The combined result of these word games by State Department lawyers is that the federal government no longer views itself as bound by the Convention Against Torture or by the 1998 statute when it seizes persons overseas and sends them to foreign countries that the State Department itself documents as engaging in systematic and widespread torture or abuse.

The Torture Outsourcing Prevention Act Shuts the Door on a Route to Torture Opened by an Unprecedented Government Interpretation of U.S. Anti-Torture Law

The Torture Outsourcing Prevention Act would forever prohibit the federal government from sending persons to foreign torture cells.  It closes all of the loopholes that have been opened by unprecedented government interpretations of the Senate-ratified Convention Against Torture and the 1998 federal statute.  Specifically, it provides:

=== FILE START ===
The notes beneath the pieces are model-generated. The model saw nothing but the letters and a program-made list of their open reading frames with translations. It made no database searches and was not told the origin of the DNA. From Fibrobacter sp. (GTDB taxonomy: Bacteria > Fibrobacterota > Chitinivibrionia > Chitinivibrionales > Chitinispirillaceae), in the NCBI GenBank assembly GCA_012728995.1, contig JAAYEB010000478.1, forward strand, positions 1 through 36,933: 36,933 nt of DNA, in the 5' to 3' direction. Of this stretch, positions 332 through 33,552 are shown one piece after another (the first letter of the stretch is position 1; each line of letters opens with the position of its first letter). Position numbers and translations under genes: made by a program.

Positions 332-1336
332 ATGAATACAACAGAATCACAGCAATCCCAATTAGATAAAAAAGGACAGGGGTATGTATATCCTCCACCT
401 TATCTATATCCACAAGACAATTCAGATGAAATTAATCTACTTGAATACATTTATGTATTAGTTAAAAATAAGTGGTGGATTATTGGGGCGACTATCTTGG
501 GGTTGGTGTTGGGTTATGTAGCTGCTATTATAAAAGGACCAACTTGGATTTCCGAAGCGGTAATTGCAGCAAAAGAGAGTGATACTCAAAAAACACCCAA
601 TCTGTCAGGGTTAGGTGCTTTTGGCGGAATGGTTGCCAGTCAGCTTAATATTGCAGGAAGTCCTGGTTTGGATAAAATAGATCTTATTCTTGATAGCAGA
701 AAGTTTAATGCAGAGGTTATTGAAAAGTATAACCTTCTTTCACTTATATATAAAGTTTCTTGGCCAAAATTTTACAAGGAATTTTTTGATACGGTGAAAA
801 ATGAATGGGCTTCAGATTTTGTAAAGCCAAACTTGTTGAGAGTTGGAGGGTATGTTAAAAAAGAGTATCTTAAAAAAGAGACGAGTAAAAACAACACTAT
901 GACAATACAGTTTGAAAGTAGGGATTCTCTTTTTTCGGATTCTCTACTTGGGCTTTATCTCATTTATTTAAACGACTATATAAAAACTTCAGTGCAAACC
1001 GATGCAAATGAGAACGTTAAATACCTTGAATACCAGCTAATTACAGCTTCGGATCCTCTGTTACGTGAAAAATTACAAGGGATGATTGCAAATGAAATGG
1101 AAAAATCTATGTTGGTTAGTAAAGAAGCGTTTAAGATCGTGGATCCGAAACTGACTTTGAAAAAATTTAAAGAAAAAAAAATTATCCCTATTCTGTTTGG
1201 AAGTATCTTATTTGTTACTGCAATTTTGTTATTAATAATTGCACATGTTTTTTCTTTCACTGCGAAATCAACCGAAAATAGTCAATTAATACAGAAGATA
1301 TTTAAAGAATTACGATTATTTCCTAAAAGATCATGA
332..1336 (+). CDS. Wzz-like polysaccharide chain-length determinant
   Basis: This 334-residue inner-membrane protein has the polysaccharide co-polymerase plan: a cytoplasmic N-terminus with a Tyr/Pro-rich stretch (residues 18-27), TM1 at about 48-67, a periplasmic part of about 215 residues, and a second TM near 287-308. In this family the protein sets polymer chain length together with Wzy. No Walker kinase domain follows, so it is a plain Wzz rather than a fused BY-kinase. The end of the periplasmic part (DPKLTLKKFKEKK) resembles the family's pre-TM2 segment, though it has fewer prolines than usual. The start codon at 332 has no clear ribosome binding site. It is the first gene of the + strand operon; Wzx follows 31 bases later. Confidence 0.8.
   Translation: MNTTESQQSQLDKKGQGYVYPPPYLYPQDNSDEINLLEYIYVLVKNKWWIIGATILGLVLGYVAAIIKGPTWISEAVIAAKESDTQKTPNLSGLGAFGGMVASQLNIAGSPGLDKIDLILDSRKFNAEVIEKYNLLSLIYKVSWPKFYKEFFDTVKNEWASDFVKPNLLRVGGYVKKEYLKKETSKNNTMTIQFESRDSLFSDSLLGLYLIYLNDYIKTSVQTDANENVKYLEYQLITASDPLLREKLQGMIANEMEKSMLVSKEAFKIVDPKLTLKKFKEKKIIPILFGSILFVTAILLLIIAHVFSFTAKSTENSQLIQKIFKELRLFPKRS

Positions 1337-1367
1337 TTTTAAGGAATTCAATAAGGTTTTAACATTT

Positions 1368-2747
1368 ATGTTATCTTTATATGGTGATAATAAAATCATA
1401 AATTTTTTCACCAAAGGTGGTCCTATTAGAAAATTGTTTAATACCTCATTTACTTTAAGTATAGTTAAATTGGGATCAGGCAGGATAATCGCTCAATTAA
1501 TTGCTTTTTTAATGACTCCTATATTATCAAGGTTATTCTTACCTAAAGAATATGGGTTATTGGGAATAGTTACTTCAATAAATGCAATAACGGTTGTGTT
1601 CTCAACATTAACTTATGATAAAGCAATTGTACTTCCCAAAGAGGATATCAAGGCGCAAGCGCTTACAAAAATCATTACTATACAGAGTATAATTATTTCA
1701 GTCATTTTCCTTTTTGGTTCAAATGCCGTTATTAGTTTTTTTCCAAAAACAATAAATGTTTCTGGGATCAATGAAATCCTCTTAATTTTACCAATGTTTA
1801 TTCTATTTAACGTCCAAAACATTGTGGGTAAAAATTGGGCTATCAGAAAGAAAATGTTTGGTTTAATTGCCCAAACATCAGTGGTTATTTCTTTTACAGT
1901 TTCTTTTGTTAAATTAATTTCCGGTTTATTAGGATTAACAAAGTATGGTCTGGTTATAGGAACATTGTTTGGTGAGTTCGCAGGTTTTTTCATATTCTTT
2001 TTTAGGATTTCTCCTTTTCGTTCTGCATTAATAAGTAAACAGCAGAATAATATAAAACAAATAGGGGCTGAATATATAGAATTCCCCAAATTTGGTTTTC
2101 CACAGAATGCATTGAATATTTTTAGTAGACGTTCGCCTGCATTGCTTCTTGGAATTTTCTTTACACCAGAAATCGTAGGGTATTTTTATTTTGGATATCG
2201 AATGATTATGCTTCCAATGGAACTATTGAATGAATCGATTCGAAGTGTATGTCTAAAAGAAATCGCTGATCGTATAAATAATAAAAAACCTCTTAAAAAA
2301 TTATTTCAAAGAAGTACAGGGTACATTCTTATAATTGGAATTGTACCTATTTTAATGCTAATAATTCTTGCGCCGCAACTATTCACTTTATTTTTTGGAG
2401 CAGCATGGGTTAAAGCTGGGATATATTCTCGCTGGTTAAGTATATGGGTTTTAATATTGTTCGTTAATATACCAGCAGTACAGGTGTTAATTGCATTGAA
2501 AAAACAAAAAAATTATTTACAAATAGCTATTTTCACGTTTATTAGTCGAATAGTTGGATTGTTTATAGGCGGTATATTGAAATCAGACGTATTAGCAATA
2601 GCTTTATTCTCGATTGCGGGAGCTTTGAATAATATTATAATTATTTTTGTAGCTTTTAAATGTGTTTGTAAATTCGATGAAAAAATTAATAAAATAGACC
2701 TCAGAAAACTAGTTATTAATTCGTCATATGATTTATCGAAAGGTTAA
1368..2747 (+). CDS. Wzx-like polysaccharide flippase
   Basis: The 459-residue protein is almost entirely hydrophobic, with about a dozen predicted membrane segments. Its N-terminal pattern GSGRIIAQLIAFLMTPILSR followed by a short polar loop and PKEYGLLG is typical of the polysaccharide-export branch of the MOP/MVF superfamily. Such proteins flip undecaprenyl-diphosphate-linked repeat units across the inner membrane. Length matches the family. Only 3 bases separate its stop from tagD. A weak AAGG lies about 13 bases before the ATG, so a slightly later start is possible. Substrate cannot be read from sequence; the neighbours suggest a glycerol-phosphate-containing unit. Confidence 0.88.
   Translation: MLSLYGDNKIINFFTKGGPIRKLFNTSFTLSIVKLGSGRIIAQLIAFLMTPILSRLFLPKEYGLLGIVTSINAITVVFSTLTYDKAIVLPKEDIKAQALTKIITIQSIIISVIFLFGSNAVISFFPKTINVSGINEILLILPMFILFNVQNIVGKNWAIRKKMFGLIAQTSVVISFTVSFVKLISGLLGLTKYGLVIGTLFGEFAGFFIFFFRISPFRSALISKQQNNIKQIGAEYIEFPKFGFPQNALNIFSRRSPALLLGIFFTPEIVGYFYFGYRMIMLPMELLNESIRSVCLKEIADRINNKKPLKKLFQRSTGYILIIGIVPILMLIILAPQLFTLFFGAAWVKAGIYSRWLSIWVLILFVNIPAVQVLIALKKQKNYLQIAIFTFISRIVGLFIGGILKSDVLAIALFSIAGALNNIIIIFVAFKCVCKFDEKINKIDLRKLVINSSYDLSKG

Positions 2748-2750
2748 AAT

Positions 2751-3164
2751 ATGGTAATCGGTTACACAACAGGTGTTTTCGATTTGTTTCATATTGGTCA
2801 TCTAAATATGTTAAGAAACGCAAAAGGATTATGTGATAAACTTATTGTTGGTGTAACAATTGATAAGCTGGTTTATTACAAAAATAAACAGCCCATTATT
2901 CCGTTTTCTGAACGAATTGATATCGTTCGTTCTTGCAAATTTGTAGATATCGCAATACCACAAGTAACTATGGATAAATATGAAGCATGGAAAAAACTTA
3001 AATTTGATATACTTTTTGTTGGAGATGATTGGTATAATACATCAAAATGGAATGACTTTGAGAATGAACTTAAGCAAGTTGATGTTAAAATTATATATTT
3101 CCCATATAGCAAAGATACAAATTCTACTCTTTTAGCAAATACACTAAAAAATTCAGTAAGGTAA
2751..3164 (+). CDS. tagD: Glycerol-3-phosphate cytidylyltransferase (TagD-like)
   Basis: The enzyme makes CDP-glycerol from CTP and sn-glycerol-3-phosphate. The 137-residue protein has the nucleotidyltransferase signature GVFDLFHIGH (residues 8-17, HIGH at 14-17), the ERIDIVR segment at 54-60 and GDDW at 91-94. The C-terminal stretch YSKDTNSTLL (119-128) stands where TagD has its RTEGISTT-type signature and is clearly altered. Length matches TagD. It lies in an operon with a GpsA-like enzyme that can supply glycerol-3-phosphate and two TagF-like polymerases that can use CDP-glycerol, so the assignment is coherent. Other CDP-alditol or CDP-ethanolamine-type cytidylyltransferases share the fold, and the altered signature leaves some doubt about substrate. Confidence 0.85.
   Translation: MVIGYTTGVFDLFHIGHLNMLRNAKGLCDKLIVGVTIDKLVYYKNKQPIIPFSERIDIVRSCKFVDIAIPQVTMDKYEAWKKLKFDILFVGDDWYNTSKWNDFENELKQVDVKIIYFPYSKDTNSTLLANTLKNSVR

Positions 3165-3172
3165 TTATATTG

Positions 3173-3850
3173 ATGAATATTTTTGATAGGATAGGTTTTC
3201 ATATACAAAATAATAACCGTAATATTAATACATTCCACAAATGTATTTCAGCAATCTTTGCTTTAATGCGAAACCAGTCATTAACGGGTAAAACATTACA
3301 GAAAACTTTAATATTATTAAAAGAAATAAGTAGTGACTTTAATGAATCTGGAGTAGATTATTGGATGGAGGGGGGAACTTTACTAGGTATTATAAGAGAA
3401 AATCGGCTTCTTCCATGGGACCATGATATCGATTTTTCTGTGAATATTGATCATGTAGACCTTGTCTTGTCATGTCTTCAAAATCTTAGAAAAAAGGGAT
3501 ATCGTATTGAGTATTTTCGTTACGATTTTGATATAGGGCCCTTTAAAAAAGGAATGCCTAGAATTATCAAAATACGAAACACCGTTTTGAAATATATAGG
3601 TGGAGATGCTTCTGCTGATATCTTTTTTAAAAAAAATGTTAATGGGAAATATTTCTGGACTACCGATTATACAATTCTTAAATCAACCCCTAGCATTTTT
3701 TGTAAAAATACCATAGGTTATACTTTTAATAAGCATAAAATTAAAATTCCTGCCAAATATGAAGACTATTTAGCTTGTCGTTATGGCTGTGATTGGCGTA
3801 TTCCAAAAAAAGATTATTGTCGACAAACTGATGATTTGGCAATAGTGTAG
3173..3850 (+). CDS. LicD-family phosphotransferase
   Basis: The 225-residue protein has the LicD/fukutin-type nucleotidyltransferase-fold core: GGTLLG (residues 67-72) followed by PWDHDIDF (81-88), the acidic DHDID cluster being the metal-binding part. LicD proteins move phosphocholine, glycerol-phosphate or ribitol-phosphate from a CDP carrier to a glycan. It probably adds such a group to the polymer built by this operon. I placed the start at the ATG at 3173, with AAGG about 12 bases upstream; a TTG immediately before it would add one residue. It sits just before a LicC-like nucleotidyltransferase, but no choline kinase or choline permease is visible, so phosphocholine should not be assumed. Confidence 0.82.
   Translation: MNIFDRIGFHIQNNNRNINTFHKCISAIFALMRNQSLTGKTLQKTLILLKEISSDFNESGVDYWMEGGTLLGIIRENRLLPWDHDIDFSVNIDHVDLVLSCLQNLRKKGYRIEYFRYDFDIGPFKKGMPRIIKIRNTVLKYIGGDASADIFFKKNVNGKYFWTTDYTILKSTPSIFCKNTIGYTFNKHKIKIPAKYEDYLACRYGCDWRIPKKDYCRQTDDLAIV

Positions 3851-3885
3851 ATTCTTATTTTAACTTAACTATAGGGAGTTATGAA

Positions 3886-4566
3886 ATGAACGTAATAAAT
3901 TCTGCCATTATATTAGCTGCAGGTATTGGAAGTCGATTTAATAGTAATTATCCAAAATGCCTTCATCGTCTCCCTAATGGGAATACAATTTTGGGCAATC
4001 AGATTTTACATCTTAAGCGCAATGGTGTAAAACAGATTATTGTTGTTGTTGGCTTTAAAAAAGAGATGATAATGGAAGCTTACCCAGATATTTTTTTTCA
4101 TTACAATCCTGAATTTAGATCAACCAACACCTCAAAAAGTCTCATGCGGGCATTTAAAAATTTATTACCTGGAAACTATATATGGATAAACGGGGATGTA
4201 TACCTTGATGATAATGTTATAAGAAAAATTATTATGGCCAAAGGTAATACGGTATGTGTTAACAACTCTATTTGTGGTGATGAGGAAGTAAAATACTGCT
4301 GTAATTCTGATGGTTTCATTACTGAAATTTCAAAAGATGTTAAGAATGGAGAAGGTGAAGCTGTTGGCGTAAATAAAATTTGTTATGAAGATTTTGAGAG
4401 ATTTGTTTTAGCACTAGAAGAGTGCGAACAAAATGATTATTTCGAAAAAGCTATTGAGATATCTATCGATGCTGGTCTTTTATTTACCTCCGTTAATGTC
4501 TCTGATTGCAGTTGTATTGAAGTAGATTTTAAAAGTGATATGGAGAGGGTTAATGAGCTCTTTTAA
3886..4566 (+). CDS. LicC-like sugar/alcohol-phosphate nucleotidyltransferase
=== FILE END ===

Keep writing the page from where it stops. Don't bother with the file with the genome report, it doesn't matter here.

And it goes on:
Any person who is imprisoned, detained, or held for transfer to another country by, or is otherwise in the custody or control of, a department, agency, or official of the United States Government, or any contractor of any such department or agency, may not, regardless of the nationality or location of that person, be rendered, returned or otherwise transferred [to a country found by the Secretary of State to be a country where] . . . torture or cruel, inhuman, or degrading treatment is commonly used in the detention or interrogation of individuals.

This provision reinforces the longstanding ban against rendering persons to torture, and should withstand any effort to undermine it.  The bill also shuts other loopholes by prohibiting transfer to a country that will then transfer the person to a torture country, ensuring judicial review of the torture question during treaty-based extraditions, and requiring the federal government to issue new regulations implementing the law. 

We strongly urge you to stand up for American values of freedom and accountability by cosponsoring the Torture Outsourcing Prevention Act. 

Sincerely,

Caroline Fredrickson
Director                                       

Christopher E. Anders
Legislative Counsel